Game Development Reference

In-Depth Information

q
in
(
q
in
,b,q
1
,q
2
)
∈
Δ

b

q
2
(
q
2
,b,q
5
,q
6
)
∈
Δ

q
1

(
q
1
,a,q
3
,q
4
)
∈
Δ

b

q
3

q
4

q
5

q
6

b

b

b

b

a a

a a

b
a

a a

.

Figure 2.10 A run of a PTA has to respect the transition relation

}
∗
. This is

the transitions, (
ρ
(
u
)
,t
(
u
)
,ρ
(
u
0)
,ρ
(
u
1))

∈

Δ for all
u

∈{

0
,
1

illustrated in Figure 2.10.

The acceptance condition of a PTA is defined via the priority mapping.

From games and
ω
-automata we already know that a sequence of states is

accepting if the maximal priority that appears infinitely often is even. We

extend this to trees by defining a run to be accepting if the state sequence

on each infinite path through the run is accepting, i.e., if on each infinite

path the maximal priority that occurs infinitely often is even.

As usual, a tree is accepted if there is an accepting run on this tree. The

language of trees accepted by

). We call a language of

infinite trees regular if it can be accepted by a parity tree automaton.

Before we come to the properties of PTAs, we make some remarks on other

acceptance conditions and give some examples:

A

is denoted by
T
(

A

•
As for games or
ω
-automata we can define, e.g., tree automata with Muller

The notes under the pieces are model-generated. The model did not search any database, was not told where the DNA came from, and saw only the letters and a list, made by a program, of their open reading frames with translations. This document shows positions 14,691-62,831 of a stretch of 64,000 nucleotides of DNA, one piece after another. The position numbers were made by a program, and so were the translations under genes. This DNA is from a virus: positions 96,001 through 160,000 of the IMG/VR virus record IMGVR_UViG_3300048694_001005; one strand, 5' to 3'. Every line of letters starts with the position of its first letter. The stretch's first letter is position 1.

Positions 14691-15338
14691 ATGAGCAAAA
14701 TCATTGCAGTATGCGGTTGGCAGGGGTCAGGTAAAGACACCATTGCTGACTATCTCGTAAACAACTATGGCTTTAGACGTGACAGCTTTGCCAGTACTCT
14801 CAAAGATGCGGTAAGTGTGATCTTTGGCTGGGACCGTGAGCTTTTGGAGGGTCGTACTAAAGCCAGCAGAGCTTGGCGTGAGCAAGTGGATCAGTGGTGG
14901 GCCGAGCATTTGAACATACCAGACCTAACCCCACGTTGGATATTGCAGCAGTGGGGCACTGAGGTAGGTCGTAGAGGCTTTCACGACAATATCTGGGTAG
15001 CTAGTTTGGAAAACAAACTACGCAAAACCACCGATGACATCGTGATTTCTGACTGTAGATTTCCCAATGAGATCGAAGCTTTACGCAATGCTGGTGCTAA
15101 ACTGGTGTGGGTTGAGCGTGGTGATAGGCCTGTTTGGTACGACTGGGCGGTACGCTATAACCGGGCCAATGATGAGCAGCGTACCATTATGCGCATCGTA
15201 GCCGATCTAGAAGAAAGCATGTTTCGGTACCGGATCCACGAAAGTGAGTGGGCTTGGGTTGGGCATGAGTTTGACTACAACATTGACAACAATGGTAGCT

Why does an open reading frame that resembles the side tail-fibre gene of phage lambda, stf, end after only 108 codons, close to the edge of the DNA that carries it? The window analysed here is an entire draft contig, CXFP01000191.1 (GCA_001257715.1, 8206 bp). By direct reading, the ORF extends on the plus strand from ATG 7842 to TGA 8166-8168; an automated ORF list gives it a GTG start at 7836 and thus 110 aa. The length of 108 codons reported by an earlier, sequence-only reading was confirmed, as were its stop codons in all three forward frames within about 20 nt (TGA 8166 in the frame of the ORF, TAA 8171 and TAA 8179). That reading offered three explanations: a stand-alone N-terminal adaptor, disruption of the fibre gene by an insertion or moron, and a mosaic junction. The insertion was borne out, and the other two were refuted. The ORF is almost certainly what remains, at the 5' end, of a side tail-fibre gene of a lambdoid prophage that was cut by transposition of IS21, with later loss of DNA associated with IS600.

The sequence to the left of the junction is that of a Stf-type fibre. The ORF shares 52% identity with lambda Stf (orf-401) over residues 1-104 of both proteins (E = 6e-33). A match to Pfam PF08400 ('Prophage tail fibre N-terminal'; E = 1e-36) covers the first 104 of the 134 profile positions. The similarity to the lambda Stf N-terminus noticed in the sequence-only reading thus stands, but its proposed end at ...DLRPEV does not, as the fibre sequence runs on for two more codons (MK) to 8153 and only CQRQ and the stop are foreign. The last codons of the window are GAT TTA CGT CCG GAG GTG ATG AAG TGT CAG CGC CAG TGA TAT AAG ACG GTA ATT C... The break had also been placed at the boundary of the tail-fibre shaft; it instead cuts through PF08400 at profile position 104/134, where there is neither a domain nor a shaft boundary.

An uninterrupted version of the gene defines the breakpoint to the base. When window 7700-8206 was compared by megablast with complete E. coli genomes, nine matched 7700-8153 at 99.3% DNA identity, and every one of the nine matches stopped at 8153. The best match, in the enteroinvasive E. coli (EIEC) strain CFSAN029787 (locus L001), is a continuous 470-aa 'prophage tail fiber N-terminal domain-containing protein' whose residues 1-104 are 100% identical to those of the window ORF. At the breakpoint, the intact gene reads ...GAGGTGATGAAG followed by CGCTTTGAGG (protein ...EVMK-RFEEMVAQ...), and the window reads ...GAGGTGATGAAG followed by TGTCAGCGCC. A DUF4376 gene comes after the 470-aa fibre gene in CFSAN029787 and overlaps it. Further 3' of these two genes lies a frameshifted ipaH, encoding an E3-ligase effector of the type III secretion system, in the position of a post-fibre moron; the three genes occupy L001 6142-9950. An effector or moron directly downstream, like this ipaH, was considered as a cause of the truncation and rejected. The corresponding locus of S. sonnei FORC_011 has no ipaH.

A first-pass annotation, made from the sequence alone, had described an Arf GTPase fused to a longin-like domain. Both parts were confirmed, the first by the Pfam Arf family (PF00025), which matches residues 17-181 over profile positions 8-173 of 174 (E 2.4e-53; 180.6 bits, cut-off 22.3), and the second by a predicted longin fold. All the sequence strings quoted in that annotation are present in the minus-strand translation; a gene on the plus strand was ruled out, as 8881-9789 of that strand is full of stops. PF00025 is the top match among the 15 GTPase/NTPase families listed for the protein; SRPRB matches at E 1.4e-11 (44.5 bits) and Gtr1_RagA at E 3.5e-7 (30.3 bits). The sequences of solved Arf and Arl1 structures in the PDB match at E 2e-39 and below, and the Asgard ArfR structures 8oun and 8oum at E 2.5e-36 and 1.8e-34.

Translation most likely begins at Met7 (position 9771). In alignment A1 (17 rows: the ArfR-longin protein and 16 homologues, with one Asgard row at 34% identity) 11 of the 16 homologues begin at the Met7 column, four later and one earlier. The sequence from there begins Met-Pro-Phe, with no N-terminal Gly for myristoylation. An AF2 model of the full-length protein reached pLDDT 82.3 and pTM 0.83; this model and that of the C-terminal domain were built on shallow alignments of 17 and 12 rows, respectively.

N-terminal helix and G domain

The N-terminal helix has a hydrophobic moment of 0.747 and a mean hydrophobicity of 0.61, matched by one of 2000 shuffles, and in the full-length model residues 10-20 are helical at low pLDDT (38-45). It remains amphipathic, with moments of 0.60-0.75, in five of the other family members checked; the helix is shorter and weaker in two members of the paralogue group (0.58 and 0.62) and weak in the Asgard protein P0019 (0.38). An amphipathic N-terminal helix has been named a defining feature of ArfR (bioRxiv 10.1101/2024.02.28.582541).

or Buchi acceptance conditions.

•

The expressive power of Muller tree automata and parity tree automata is

the same. To transform Muller automata into parity automata one can

use the LAR construction presented in the previous section.

•

One can show that Buchi tree automata are weaker than parity tree

automata. The language of all trees over

such that on each path

there are finitely many
b
cannot be accepted by a Buchi tree automaton

but by a PTA. The PTA can easily be obtained by running the parity

word automaton from Figure 2.5 on every branch of the tree using the

transitions (
q
0
,a,q
0
,q
0
), (
q
0
,b,q
1
,q
1
), (
q
1
,a,q
0
,q
0
), and (
q
1
,b,q
1
,q
1
). A

proof that a Buchi tree automaton cannot accept this language can be

found in Thomas [1997] and in Chapter 8 of Gradel et al. [2002].

{

a, b

}

•

It is rather easy to see that deterministic tree automata are too weak. For

example, the set of all trees
t
over

{

a, b

}

such that
t
contains at least one

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